More and more people talk about the importance of self-care, especially in times of distress that impair people’s lives.
Having started a journey of a graduate degree 3 years ago during which my distress levels skyrocketed, lol, I got really interested in the concept of self-care. One of the first things we were taught in the program was to cater to our needs first before we are able to cater to our clients’ needs; i.e., to practice self-care. After all, we can only take our clients as far as we have taken ourselves! Consequently, self-care is very important, but why especially in times of distress and how distress impairs people’s lives?
Let’s see… Distress is a natural state that cannot be avoided; therefore we all have some kind of distress here and there due to challenges we all face. But, lack of adequate attention to distress could lead to impairment in one or more areas of our life. If distress becomes chronic, then illnesses step foot in our doorstep. Therefore, distress and impairment cannot be viewed dichotomously; distress and impairment are not just fully present or totally absent. They each may develop and progress if left unattended.
It is evident then that paying attention to distress and taking action sooner rather than later, is imperative. Action can be taken in two ways:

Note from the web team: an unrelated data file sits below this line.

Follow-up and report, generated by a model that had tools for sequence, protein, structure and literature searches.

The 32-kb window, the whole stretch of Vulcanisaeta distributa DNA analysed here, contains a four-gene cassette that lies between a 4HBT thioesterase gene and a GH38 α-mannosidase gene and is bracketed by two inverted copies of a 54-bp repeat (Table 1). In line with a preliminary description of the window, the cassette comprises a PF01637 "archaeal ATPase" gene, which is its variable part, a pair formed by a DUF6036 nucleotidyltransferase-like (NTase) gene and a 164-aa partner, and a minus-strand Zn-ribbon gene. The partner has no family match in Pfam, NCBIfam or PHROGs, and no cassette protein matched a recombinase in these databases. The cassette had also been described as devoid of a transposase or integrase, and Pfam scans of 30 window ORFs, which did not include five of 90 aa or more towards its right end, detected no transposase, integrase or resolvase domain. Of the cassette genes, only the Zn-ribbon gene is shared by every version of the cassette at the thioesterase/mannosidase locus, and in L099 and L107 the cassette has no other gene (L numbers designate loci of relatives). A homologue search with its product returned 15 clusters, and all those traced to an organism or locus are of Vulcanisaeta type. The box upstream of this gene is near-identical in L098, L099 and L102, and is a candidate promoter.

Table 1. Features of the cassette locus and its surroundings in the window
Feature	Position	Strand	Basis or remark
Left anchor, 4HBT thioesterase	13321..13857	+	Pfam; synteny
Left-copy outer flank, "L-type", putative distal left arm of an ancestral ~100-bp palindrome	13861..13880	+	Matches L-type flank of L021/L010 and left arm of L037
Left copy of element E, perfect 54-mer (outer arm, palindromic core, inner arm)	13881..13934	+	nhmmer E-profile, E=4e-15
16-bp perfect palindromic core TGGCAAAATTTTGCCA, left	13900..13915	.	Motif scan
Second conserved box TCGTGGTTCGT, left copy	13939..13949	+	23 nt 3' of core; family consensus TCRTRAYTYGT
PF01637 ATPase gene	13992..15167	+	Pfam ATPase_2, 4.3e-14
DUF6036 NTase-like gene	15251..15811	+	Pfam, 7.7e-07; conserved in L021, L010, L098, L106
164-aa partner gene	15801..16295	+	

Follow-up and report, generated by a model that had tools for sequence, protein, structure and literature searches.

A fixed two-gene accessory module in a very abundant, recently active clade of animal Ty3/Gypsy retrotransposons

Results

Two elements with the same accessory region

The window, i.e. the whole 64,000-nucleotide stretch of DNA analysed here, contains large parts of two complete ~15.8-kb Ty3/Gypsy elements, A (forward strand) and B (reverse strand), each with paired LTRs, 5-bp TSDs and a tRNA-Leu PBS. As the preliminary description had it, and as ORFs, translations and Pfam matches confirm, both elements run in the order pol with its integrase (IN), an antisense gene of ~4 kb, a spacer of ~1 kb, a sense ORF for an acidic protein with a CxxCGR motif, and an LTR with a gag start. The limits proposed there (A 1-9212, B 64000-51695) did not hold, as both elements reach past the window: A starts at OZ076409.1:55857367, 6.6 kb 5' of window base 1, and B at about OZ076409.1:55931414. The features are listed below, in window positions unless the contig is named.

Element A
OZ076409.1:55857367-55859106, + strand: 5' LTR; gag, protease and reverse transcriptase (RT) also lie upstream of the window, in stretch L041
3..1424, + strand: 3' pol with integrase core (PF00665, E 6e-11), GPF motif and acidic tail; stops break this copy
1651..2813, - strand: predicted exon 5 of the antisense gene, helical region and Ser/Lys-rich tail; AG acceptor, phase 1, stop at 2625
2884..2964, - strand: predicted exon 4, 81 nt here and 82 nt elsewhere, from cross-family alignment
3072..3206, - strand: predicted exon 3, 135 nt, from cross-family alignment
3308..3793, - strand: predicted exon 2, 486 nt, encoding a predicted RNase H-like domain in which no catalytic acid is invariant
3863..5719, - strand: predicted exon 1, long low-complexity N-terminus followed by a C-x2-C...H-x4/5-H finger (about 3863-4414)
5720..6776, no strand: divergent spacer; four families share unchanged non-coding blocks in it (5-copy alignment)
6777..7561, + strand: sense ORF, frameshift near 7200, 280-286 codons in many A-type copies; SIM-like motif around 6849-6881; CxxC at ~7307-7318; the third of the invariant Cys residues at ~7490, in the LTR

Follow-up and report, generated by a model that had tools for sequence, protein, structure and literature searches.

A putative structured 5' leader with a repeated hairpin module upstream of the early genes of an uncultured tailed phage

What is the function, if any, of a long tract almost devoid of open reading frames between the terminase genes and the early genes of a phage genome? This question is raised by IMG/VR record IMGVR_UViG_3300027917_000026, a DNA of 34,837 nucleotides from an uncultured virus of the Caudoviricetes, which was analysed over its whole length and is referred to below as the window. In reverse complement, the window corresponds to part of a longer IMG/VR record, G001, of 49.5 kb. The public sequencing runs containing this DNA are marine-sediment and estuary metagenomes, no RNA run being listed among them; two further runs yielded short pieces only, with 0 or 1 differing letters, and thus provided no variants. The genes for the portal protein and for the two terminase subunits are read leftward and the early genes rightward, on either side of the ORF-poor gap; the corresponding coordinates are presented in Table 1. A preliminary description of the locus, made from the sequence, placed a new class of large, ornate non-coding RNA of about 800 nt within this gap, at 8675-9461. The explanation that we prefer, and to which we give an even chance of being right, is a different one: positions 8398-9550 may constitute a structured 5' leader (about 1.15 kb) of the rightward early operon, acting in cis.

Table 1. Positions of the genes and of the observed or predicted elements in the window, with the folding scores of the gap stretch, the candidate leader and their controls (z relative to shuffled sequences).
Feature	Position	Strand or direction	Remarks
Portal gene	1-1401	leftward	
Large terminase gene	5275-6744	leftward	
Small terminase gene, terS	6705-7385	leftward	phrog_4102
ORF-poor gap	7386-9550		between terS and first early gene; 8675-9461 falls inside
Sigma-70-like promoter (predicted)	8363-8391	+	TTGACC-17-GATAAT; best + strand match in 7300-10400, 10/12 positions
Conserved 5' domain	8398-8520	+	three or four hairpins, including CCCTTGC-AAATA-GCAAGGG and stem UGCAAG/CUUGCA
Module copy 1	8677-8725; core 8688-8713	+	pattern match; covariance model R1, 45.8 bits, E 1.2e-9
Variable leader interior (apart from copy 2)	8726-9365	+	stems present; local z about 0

- Do something to tackle our challenge that elicits our distress, instead of feeling helpless; and
- Do something to tackle our distress and this is where self-care comes into the picture.
The way I survived these 3 challenging years of my life was to first do something about my challenges. I was doing my school work while taking a day at a time instead of panicking, and also taking care of myself. I did the latter by taking 2 hours a day 2-3 times a week to do what I love: swimming training! Being in the water was my battery charger and even though I was tempted to stop training especially this last year as I had to work 10 hours a day between classes, practicum and thesis, I did not succumb to the temptation. Self-care is what I call “positive behavior” and a choice.
In my practicum I see more and more people who deal with their challenges with negative behaviors, or as we call them maladaptive coping mechanisms. Some examples include self-medicating with various substances (alcohol and drugs) and food, and seeking emotional support or gratification from other people, thus putting their power outside themselves and impairing their lives day by day. Choosing self-care and acting on it kept me sane and healthy during these trying times. :)